"observationally stable". The predicted half-lives for these nuclides
often greatly exceed the estimated age of the universe, and in fact
there are also 27 known radionuclides (see primordial nuclide) with
half-lives longer than the age of the universe.
Adding in the radioactive nuclides that have been created
artificially, there are 3,339 currently known nuclides. These
include 905 nuclides that are either stable or have half-lives longer
than 60 minutes. See list of nuclides for details.
The existence of isotopes was first suggested in 1913 by the
radiochemist Frederick Soddy, based on studies of radioactive decay
chains that indicated about 40 different species referred to as
radioelements (i.e. radioactive elements) between uranium and lead,
although the periodic table only allowed for 11 elements from uranium
Several attempts to separate these new radioelements chemically had
failed. For example, Soddy had shown in 1910 that mesothorium
(later shown to be 228Ra), radium (226Ra, the longest-lived isotope),
and thorium X (224Ra) are impossible to separate. Attempts to
place the radioelements in the periodic table led Soddy and Kazimierz
Fajans independently to propose their radioactive displacement law in
1913, to the effect that alpha decay produced an element two places to
the left in the periodic table, whereas beta decay emission produced
an element one place to the right. Soddy recognized that emission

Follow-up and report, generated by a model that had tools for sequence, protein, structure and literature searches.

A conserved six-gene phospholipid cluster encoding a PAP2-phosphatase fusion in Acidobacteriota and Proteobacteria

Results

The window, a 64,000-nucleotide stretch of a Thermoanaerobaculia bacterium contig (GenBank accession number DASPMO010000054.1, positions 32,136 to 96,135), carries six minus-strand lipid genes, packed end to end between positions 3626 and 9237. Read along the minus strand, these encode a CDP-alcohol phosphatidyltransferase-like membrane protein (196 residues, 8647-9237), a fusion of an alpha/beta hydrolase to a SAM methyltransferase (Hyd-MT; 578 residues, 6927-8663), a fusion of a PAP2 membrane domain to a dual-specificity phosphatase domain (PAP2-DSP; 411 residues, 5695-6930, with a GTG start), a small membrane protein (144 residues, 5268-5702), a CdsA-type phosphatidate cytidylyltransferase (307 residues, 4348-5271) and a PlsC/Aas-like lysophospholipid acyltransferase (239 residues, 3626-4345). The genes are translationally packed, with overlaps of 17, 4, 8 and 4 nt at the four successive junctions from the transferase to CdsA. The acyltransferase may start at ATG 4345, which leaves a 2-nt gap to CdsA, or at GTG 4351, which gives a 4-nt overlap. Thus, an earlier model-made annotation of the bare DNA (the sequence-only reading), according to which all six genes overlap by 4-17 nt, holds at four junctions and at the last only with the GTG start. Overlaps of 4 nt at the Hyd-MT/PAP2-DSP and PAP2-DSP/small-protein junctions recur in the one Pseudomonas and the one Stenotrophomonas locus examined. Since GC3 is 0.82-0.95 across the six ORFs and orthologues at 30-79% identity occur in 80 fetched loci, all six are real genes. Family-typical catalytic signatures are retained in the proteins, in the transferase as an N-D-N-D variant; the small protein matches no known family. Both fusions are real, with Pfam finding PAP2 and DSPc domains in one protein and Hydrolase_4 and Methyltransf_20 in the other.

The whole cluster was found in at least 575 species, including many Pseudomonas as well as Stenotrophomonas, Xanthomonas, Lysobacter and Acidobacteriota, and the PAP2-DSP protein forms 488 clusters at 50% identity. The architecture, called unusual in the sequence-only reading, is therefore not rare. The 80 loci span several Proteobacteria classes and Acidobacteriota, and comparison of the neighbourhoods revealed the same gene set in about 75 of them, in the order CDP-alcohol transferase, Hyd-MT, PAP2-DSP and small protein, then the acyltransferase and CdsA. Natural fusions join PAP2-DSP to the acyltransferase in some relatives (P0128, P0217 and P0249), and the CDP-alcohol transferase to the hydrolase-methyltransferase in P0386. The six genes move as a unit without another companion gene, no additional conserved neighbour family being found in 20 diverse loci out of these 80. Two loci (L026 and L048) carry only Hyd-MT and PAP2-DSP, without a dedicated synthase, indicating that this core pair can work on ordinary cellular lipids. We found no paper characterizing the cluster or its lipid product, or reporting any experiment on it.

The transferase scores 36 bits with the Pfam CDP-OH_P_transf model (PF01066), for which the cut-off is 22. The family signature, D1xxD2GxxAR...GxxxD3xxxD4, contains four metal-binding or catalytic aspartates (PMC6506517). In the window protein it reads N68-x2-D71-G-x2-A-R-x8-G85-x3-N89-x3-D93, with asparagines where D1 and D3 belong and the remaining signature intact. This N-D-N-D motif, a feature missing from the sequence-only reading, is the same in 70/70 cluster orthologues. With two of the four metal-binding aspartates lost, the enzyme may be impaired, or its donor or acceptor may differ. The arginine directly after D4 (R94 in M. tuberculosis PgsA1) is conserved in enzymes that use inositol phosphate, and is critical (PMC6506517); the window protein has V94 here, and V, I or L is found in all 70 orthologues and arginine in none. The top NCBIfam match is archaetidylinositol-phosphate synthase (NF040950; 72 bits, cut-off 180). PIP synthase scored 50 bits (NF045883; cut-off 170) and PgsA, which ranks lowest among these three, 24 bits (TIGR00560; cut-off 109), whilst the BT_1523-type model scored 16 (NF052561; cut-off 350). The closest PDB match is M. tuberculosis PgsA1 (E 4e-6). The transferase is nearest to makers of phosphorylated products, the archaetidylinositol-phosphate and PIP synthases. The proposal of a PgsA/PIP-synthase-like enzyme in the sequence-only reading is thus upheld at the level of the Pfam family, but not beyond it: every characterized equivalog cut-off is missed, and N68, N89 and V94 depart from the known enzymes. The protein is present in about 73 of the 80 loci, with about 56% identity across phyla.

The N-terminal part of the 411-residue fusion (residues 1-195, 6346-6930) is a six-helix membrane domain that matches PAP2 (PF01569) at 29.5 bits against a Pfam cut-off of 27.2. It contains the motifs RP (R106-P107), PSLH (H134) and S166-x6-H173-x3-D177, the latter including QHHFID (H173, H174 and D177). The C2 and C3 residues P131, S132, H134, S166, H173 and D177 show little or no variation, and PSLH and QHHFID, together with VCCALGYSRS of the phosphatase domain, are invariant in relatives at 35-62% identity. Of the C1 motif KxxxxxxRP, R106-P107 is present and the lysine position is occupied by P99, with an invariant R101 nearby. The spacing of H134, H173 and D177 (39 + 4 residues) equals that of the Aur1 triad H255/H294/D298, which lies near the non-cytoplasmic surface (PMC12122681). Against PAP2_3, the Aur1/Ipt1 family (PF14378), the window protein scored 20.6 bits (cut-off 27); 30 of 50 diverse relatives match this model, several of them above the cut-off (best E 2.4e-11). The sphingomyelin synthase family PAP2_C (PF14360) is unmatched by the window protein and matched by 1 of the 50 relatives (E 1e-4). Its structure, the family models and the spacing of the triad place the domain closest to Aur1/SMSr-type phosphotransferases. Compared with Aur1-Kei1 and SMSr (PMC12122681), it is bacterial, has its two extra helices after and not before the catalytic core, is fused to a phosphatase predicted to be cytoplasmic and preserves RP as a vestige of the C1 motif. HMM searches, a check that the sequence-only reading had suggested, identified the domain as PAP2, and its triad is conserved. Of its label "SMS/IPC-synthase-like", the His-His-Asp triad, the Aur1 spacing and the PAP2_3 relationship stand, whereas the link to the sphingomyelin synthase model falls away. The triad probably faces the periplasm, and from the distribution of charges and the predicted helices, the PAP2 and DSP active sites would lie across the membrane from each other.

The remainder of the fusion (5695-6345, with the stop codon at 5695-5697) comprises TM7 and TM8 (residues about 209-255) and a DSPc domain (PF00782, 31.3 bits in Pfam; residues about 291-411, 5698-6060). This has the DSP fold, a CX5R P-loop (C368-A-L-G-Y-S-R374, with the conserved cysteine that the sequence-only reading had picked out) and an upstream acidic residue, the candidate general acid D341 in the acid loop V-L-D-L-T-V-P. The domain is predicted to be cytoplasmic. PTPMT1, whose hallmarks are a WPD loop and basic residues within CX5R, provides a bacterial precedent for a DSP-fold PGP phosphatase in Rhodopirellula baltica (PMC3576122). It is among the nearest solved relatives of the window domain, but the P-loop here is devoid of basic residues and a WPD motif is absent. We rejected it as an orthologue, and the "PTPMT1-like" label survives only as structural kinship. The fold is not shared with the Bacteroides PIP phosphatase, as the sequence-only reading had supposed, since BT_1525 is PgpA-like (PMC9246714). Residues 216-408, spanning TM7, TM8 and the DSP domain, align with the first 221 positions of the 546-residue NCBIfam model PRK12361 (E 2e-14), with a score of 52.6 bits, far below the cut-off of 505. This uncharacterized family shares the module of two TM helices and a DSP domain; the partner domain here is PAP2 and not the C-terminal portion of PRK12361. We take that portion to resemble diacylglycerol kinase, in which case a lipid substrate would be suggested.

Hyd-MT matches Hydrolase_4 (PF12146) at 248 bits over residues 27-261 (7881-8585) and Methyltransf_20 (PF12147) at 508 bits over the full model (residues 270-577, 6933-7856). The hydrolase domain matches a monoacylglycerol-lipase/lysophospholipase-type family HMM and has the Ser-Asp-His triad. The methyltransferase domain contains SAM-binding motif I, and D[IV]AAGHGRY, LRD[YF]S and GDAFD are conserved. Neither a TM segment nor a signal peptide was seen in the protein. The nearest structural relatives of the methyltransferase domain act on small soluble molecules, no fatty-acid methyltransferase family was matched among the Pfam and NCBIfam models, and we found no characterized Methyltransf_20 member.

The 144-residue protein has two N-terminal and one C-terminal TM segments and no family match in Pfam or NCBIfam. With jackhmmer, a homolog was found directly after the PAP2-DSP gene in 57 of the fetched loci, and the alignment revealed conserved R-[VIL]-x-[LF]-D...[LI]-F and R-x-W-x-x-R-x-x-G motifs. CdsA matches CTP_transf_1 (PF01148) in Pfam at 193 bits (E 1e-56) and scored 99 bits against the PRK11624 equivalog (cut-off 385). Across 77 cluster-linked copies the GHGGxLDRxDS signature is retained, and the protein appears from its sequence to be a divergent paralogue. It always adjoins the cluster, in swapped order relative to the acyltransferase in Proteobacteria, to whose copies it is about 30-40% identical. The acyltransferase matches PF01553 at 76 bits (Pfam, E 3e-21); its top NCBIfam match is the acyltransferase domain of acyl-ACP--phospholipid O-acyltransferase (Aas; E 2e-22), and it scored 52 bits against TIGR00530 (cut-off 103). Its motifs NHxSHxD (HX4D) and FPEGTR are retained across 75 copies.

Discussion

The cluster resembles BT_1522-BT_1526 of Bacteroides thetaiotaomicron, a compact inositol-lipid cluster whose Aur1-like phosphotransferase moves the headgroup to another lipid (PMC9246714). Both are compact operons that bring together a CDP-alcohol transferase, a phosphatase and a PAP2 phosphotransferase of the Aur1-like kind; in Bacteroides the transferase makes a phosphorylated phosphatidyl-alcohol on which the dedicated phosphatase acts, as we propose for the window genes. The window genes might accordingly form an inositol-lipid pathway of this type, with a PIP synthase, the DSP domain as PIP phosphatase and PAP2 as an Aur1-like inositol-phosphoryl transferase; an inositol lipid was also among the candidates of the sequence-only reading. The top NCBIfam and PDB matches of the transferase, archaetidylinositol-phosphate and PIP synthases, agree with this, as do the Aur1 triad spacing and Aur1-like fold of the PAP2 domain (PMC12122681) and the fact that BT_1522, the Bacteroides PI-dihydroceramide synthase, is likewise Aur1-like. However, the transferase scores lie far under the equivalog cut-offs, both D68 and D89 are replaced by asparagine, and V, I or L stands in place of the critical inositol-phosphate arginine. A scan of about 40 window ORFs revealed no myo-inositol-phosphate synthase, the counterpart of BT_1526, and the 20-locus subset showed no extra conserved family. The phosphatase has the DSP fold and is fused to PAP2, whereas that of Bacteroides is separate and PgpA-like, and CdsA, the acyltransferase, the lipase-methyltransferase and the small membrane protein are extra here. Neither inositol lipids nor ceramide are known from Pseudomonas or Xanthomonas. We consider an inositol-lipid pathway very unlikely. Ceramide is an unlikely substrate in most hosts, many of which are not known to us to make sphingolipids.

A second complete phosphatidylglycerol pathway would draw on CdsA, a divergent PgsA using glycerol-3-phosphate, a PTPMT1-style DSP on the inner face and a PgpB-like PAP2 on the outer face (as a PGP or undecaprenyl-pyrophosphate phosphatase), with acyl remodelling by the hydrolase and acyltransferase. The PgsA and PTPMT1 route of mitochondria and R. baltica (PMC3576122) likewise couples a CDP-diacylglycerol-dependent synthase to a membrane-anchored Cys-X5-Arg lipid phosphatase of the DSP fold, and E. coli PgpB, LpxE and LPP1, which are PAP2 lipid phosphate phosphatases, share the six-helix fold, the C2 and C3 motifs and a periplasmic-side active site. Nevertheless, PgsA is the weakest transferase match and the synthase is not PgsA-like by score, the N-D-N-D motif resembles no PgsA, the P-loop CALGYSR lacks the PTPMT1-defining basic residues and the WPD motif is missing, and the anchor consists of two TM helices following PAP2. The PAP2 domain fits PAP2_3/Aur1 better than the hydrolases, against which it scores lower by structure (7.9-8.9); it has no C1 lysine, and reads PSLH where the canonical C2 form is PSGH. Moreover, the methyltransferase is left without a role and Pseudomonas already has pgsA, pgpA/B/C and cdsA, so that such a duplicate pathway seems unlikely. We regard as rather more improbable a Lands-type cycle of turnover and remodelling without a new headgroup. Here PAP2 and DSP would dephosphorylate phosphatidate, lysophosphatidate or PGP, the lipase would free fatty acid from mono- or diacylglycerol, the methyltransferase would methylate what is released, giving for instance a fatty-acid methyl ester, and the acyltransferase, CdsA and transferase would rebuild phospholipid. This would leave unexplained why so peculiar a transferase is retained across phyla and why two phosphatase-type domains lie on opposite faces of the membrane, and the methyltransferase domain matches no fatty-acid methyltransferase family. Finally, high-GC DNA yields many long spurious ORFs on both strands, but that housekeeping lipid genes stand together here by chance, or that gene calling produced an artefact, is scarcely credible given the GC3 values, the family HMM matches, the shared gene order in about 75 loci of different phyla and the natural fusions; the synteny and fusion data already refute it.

of an alpha particle followed by two beta particles led to the
formation of an element chemically identical to the initial element
but with a mass four units lighter and with different radioactive
Soddy proposed that several types of atoms (differing in radioactive
properties) could occupy the same place in the table. For example,
the alpha-decay of uranium-235 forms thorium-231, whereas the beta
decay of actinium-230 forms thorium-230. The term "isotope", Greek
for "at the same place", was suggested to Soddy by Margaret Todd,
a Scottish physician and family friend, during a conversation in which
he explained his ideas to her. He won the 1921
Nobel Prize in
Chemistry in part for his work on isotopes.
In the bottom right corner of J. J. Thomson's photographic plate are
the separate impact marks for the two isotopes of neon: neon-20 and
In 1914 T. W. Richards found variations between the atomic weight of
lead from different mineral sources, attributable to variations in
isotopic composition due to different radioactive origins.
The first evidence for multiple isotopes of a stable (non-radioactive)
element was found by
J. J. Thomson
J. J. Thomson in 1913 as part of his exploration
into the composition of canal rays (positive ions). Thomson
channeled streams of neon ions through a magnetic and an electric
field and measured their deflection by placing a photographic plate in
their path. Each stream created a glowing patch on the plate at the
point it struck. Thomson observed two separate patches of light on the
photographic plate (see image), which suggested two different
parabolas of deflection. Thomson eventually concluded that some of the
atoms in the neon gas were of higher mass than the rest.
F. W. Aston subsequently discovered multiple stable isotopes for